It was a grey morning. Wet streets. Rubbish collection. Construction and renovation are boom industries in London, so one doesn’t need an alarm clock. In Hyde Park, junior racers were hard at it, and I didn’t envy them. Though, the weather certainly improved as the day went on.
I built the bike, not without a bit of struggle. Thanks to the Team Oz bike mechanic for giving the bike a once over. Said hi to the nice gals at the team desk. Thanks again to Hayley for hauling my suit half-way round the world.
I got myself to the athletes area to pick up my starter kits and received my first slap in the face for the day. There are some seriously fit individuals here, of all ages, and they are proud to represent their countries. I witnessed our show of pride last night at Gibson Hall, but today, I saw it from nations far and wide. And it’s great. (Love the Mexico training suit.)
If I was patriotic yesterday, what I’m feeling today is a wonderful feeling of solidarity; all these people united by triathlon. It’s a commonality that has nothing to do with borders, political systems or religions. And this is important for us triathletes because our endeavours are often solitary. We may train in groups and be members of clubs, but it’s a very personal kind of motivation that gets each of us up at dawn for chilly morning workouts. It makes me feel good to see all these others who have a similar kind of self-motivation and a passion for swimming, biking and running.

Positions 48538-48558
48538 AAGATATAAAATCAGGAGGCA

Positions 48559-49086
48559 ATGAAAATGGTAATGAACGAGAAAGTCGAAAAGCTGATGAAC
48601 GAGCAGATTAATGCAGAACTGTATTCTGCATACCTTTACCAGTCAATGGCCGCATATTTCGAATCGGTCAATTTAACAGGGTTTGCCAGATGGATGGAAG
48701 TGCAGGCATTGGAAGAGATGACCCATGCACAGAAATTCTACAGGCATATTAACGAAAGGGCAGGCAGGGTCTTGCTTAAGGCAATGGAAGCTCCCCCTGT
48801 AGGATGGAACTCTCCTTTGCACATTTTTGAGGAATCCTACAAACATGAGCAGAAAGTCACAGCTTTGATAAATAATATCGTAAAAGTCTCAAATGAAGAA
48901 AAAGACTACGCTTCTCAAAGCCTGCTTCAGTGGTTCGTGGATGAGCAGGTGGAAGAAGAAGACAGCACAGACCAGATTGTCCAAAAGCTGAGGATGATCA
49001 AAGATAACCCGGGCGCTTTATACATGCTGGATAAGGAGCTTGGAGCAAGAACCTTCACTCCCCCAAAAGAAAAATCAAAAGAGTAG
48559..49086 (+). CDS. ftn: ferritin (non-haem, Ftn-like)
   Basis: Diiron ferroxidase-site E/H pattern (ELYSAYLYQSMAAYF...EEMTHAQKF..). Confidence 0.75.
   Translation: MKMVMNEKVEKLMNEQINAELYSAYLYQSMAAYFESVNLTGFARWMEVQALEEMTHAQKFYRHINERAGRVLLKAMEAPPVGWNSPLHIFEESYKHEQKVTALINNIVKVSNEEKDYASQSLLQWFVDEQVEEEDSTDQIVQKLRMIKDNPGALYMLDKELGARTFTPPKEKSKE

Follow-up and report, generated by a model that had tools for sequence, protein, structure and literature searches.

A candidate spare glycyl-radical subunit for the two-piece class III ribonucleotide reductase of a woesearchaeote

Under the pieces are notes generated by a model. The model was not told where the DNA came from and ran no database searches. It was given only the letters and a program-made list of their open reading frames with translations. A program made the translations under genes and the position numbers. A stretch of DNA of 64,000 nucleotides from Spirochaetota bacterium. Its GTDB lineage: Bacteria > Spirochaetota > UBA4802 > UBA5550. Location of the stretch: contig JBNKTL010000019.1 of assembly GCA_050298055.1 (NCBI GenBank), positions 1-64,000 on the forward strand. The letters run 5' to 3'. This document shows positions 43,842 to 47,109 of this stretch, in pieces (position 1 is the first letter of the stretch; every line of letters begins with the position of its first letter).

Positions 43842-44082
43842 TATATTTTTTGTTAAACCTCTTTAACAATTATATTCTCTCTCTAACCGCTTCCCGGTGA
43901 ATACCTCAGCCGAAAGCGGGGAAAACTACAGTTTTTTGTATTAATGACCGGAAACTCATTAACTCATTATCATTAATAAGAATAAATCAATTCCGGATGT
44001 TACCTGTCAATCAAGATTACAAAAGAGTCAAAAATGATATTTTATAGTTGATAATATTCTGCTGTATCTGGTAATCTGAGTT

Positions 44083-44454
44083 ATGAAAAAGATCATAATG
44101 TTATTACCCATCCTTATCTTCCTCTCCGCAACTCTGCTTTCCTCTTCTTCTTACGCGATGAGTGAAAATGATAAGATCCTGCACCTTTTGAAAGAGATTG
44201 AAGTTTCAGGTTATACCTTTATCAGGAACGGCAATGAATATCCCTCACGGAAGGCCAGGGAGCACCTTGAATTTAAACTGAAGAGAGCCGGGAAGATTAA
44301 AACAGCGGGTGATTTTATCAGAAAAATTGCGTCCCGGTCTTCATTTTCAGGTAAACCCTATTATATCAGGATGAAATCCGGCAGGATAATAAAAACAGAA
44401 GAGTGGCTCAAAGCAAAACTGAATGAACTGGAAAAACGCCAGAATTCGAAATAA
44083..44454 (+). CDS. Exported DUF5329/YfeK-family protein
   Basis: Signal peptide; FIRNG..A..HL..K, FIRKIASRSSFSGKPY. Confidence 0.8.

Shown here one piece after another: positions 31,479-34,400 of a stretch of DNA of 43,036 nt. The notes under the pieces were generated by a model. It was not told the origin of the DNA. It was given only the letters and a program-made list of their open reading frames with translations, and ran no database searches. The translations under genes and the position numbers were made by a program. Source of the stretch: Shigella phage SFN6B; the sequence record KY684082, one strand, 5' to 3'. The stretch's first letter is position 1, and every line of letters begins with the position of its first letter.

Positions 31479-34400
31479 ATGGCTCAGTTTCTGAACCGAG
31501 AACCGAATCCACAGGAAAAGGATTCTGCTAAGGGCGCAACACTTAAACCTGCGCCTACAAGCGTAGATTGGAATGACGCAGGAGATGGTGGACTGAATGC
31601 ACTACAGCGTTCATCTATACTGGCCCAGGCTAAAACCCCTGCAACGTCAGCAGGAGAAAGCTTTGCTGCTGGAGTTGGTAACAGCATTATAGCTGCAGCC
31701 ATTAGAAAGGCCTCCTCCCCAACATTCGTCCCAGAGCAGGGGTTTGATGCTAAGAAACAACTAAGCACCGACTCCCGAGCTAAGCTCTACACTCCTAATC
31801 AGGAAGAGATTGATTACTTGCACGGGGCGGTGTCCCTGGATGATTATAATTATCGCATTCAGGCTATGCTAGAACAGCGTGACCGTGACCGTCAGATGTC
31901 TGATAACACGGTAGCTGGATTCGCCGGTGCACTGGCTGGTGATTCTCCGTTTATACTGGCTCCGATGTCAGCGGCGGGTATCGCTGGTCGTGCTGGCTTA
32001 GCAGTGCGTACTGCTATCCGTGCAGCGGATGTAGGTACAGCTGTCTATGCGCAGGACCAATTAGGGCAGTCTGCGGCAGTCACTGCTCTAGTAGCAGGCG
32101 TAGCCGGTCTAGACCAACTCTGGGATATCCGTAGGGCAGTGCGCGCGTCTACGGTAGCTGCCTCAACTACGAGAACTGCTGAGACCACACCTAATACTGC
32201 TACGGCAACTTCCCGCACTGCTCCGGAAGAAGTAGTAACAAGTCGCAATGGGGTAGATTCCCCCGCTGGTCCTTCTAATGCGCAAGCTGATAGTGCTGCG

Second slap in the face came when checking the bike in for tomorrow’s sprint. Some triathletes really invest in their bikes, which left me calculating the possible net value of all those bikes racked in the transition area (more than $1 million??).
My ye olde Trek is ready for any weather.
Notice how it’s racked handlebars first. This is because the seat is too high to get it under the bar. It’s not allowed to do it this way, I discovered, but a very nice official came over and marked my bike with tape and pen: “Very Tall Cyclist”. This allows me to keep the bike as it is, tomorrow as well, which is good, because it’s much sturdier this way. The bike next to mine is hanging by the seat and swinging left and right.
So, I may not get Age Group Winner next to my name, but I have received the title of “Very Tall Cyclist”.
One sleep left until the sprint. Surprisingly, I’m not nervous. I’m actually fully keen for the experience. My goals are simple: enjoy, survive, finish. Time and placing be damned.
Good luck to all.
Some stray London thoughts:- Riding a bike in London is about on par, risk-wise, with bungee-jumping, yet many people do it.
– The traffic is relentless.
– If you walk around for an hour or two, the inside of your nose becomes slightly black. Gawd, what do your lungs look like then?
– A lot of the food in the supermarkets is pre-packaged. Do Londoners have an aversion to cooking?
– The water is not quite drinkable (this said by a boy from country WA who grew up drinking all types of weird, tainted water. “I know it’s brown, son, but it’s rain water”).
– The Oyster Card is great.
– A standard hotel room is about the size of a second bathroom back home.